Abstract: Poor nutrition and exposure to faecal contamination are associated with diarrhoea and growth faltering, both of which have long-term consequences for child health.
    Keywords: Water quality, sanitation, handwashing, Kenya
    JEL: F Z
  11. By: Franklin K. Gbedey; David Vilar Ferrenbach; Tatia Lemondzhava
    Keywords: Energy - Electric Power Energy - Energy Policies & Economics Energy - Rural Energy Poverty Reduction - Access of Poor to Social Services Rural Development - Rural Communications Rural Development - Rural and Renewable Energy
    Date: 2017–10
  12. By: Alessandra Pelloni (Department of Economics and Finance, University of Rome Tor Vergata, Italy; Rimini Centre for Economic Analysis); Thanasis Stengos (Department of Economics, University of Guelph, Canada; Rimini Centre for Economic Analysis); Ilaria Tedesco (International Fund for Agricultural Development, Italy)
    Abstract: This paper studies the effect of foreign aid to agriculture on the industrialization process of developing countries. Our theoretical analysis suggests a dichotomy between closed and open economies as regards the impact of aid given for productive purposes to the primary sector. Our empirical results confirm our analysis, as we find the effect is positive for landlocked countries only.
    Keywords: Dual economy, Agricultural aid, Industrialization, Landlocked countries
    JEL: F1 F4 O1 O4 Q1
    Date: 2018–02
  13. By: Vespignani, Joaquin; Kang, Wensheng; Ratti, Ronald
    Abstract: This paper investigates the time-varying dynamics of global stock volatility, commodity prices, and domestic output and consumer prices. The main empirical findings of this paper are: (i) stock volatility and commodity price shocks impact each other and the economy in a gradual and endogenous adjustment process; (ii) the impact of a commodity price shock on global stock volatility is far greater during the global financial crisis than at other times; (iii) the effects of global stock volatility on the US output are amplified by the endogenous commodity price responses; (iv) in the long run, shocks to commodity prices (stock market volatility) account for 11.9% (6.6%) and 25.1% (11.6%) of the variation in US output and consumer prices; (v) the effects of global stock volatility shocks on the economy are heterogeneous across nations and relatively larger in the developed countries; (vi) developing/small economies are relatively more vulnerable upon commodity price shocks.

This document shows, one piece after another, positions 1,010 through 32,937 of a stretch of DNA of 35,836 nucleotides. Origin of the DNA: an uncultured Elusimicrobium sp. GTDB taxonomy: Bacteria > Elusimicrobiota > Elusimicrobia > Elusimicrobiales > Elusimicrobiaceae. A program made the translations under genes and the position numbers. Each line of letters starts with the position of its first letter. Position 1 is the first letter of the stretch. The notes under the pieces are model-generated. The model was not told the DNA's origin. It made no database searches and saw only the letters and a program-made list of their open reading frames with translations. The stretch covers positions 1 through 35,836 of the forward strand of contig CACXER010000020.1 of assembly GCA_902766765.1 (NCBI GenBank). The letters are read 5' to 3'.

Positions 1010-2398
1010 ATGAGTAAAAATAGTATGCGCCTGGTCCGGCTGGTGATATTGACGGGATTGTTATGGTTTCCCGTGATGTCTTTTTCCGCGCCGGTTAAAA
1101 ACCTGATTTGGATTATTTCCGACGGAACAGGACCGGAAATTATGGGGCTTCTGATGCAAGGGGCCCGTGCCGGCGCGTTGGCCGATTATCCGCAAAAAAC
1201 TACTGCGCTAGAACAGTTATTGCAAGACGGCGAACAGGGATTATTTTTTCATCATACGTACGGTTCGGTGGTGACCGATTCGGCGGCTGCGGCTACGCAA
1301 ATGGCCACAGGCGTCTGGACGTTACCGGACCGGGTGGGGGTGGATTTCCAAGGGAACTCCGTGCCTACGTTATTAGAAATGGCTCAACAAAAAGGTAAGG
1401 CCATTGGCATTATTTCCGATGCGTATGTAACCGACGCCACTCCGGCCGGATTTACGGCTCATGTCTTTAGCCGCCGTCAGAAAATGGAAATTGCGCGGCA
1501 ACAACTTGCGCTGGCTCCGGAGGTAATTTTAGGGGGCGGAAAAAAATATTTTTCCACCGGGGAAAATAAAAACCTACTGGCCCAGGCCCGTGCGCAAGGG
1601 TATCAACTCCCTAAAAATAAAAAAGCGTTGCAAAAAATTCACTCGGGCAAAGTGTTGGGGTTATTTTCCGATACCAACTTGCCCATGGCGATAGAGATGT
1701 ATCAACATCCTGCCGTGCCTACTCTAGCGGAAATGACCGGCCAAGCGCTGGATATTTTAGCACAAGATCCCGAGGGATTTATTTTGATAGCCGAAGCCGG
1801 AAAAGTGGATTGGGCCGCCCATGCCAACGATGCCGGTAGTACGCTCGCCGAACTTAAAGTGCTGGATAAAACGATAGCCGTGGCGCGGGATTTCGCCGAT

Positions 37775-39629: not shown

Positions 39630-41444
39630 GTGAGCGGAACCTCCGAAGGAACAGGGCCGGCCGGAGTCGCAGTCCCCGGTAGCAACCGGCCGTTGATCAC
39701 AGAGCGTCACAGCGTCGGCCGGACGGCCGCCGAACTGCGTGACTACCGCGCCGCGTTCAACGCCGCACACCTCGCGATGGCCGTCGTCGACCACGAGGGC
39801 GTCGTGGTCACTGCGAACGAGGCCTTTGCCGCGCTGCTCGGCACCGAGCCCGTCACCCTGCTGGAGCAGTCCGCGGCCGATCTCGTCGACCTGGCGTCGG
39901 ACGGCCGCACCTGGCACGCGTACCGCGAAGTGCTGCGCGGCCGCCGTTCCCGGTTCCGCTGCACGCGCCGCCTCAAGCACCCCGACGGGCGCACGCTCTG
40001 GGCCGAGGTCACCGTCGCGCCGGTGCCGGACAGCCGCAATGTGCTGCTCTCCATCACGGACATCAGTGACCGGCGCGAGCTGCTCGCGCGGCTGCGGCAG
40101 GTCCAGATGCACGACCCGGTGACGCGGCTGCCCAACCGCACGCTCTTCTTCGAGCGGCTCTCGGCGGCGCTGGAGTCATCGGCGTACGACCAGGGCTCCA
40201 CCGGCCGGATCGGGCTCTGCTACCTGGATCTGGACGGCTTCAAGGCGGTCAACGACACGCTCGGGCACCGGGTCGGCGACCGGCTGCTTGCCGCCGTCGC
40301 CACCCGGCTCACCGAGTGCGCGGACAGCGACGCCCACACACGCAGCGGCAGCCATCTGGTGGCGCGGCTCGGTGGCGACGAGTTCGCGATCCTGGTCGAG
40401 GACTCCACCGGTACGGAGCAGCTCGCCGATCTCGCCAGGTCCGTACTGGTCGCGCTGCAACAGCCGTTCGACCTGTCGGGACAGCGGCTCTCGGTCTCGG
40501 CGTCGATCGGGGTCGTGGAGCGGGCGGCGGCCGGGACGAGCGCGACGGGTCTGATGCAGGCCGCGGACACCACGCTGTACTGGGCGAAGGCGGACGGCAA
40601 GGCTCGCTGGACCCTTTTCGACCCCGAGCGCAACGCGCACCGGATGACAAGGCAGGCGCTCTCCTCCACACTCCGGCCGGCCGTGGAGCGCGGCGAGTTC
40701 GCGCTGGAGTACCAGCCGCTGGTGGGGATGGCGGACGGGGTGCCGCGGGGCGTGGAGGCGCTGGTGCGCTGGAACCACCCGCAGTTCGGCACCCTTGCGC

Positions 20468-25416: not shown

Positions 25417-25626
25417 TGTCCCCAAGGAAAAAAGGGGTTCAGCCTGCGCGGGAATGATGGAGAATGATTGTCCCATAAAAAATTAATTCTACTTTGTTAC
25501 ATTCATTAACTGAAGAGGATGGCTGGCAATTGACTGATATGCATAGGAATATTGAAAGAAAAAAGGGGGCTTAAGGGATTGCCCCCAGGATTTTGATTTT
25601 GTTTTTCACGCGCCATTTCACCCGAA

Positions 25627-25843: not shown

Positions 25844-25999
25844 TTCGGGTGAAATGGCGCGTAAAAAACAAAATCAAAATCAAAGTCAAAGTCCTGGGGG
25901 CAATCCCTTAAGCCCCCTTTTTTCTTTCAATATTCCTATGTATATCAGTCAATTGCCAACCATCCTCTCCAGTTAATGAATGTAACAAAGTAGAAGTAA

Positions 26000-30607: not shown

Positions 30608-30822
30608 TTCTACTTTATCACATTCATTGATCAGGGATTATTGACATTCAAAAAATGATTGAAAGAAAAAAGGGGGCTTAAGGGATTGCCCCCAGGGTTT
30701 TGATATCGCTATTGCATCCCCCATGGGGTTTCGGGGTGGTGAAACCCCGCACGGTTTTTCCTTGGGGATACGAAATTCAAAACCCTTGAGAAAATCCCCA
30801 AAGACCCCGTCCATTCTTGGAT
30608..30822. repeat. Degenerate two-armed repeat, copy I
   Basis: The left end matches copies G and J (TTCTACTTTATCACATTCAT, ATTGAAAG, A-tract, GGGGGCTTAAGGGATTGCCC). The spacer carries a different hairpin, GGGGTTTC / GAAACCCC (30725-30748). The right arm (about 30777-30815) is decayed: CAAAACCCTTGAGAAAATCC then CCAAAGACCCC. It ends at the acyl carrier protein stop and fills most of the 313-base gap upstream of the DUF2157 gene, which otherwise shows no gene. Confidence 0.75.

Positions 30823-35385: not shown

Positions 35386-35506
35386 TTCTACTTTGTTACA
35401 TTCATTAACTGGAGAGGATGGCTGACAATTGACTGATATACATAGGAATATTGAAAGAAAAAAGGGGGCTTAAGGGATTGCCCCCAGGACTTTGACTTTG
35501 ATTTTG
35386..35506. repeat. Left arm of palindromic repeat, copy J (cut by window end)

Keywords: Global commodity prices, Global stock volatility, Output, Heterogeneity
    JEL: E0 E00 E30
    Date: 2018–01–01
  14. By: Filippo Randelli (Dipartimento di Scienze per l'Economia e l'Impresa); Federico Martellozzo (Dipartimento di Scienze per l'Economia e l'Impresa)
    Abstract: Rural tourism (RT) has grown in many rural regions worldwide and today it is a stable driver of rural development. In this paper we argue that the growth of RT has to be totally divergent from seaside tourism development that tends to create holiday resorts and artificial villages with no identity. To built-up new houses in order to increase accommodation facilities in rural areas could have a twofold negative effect: compromise the beauty of the landscape, a basic local resource, and develop a rural mass tourism. In order to monitor the impact of RT on land use we propose to analyse the development of new building areas in the countryside using a GIS (Geographical Information System) approach. The main source of data for this analysis are the Global Human Settlement Layer (GHSL) of the European Union. The analytical model will be applied to the case of Tuscany.
    Date: 2018